The Transport Erector Launcher (TEL) is used to assemble the rocket in the assembly building, then driven out to the launch pad (The Transport part), then when it is time to launch, hyrdraulic arms lift it up to vertical. (The Erector part).
Then at launch time, it moves away, differing amounts/time lines depending on the pad and version of the TEL. (Vandenberg's is different than LC-39A's and LC-40's (which is a second rev since the first one was toasted in the AMOS explosion)).
At the base, there are hold down clamps. The engines actually start, and run for almost 3 seconds being held down by these clamps, and then finally they release letting the vehicle 'go'.
Hot fire tests, 8-15 seconds long use the hold down clamps as well, to keep the vehicle on the pad while running the engines up to full speed for a few seconds.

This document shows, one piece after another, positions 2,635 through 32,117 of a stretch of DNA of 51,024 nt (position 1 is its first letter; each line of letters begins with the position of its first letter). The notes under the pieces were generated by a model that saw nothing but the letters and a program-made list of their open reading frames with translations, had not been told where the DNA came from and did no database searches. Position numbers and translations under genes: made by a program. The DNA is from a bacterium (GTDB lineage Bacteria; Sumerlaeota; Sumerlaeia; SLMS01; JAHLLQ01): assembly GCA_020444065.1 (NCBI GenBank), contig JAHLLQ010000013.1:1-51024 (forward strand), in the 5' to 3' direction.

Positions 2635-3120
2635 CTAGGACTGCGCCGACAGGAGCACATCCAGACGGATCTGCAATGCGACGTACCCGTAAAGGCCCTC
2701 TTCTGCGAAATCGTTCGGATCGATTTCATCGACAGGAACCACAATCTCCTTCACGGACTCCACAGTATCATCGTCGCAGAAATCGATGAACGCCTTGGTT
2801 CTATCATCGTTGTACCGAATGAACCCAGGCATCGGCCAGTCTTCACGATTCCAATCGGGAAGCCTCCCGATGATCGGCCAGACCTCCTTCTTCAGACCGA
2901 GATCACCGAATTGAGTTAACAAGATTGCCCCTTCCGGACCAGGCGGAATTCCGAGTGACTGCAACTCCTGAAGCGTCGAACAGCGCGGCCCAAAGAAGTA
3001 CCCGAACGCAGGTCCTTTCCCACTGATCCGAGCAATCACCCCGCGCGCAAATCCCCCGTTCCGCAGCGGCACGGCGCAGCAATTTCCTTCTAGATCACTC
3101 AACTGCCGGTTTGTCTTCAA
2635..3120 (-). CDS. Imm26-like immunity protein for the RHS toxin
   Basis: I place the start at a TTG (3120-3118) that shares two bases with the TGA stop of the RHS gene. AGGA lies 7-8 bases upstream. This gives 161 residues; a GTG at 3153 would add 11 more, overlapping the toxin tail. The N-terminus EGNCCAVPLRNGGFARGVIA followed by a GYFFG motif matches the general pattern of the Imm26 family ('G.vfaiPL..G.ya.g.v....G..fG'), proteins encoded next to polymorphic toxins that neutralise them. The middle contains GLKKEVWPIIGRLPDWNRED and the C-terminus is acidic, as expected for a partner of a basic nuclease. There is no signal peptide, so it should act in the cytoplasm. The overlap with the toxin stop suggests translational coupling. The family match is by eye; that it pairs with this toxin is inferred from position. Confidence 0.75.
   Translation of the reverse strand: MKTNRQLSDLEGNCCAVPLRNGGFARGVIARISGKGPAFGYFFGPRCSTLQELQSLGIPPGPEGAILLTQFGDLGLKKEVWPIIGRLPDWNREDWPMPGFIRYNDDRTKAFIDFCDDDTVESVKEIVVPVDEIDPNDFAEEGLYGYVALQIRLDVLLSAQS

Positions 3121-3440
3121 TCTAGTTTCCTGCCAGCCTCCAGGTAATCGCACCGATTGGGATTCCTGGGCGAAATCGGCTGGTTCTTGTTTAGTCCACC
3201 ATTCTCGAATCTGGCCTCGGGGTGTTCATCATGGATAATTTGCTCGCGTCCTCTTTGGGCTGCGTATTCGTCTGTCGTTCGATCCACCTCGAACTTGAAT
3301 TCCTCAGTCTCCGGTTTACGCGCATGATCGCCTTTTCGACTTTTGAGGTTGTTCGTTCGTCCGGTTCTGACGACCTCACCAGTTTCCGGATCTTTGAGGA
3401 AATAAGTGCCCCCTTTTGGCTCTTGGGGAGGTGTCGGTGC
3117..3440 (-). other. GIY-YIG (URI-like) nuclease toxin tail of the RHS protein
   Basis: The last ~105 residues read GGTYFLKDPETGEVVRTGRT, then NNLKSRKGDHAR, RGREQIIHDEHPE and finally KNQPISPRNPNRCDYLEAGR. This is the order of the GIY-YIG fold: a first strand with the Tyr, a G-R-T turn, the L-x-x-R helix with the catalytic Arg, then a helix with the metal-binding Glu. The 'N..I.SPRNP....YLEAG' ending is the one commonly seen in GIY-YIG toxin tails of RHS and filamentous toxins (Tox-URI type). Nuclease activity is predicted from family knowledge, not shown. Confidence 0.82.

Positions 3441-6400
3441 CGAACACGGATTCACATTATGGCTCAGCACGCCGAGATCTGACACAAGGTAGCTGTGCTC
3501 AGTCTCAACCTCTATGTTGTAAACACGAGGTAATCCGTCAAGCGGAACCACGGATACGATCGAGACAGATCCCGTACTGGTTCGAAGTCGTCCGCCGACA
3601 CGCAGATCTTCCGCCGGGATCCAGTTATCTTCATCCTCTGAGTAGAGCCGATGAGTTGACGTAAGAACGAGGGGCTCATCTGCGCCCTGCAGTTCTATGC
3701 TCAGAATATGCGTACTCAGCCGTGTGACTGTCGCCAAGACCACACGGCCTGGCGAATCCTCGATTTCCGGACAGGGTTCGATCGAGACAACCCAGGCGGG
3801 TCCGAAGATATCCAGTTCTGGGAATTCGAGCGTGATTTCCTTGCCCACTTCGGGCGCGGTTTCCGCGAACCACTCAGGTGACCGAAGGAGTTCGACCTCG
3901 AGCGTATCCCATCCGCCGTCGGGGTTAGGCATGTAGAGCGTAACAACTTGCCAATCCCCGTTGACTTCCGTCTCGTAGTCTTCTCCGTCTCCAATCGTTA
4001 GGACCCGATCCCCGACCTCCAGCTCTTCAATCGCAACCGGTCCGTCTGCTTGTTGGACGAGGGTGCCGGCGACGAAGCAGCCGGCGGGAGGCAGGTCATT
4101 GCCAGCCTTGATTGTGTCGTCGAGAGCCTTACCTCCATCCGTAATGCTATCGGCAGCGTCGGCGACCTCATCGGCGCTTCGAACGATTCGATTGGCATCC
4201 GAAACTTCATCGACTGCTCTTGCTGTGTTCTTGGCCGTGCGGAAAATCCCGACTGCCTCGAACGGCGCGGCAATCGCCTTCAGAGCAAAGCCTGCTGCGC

Jack in his answer shows the clamps and how they move in a very good animated GIF.
The Octaweb has hold down points, where these clamps attach. The Octaweb is the structure (Before Block 5 this was a large welded piece of metal (Aluminum I think) that the 9 engines are mounted/embedded into. As of Block 5 it is bolted for easier refurbishment and a more heat tolerant metal.
In the picture below you can see the launch table, with the clamps arranged for a Falcon 9 launch. (More are needed for F-Heavy).
In this picture below you can see the underside of the launch table with the plugs in, blocking out where a Falcon Heavy might use the holes in the table.
In the picture below, you can see the top of the launch table, with the plugs removed for the Falcon Heavy inaugural launch. You can see there are now more launch clamps, since three cores need to be held down.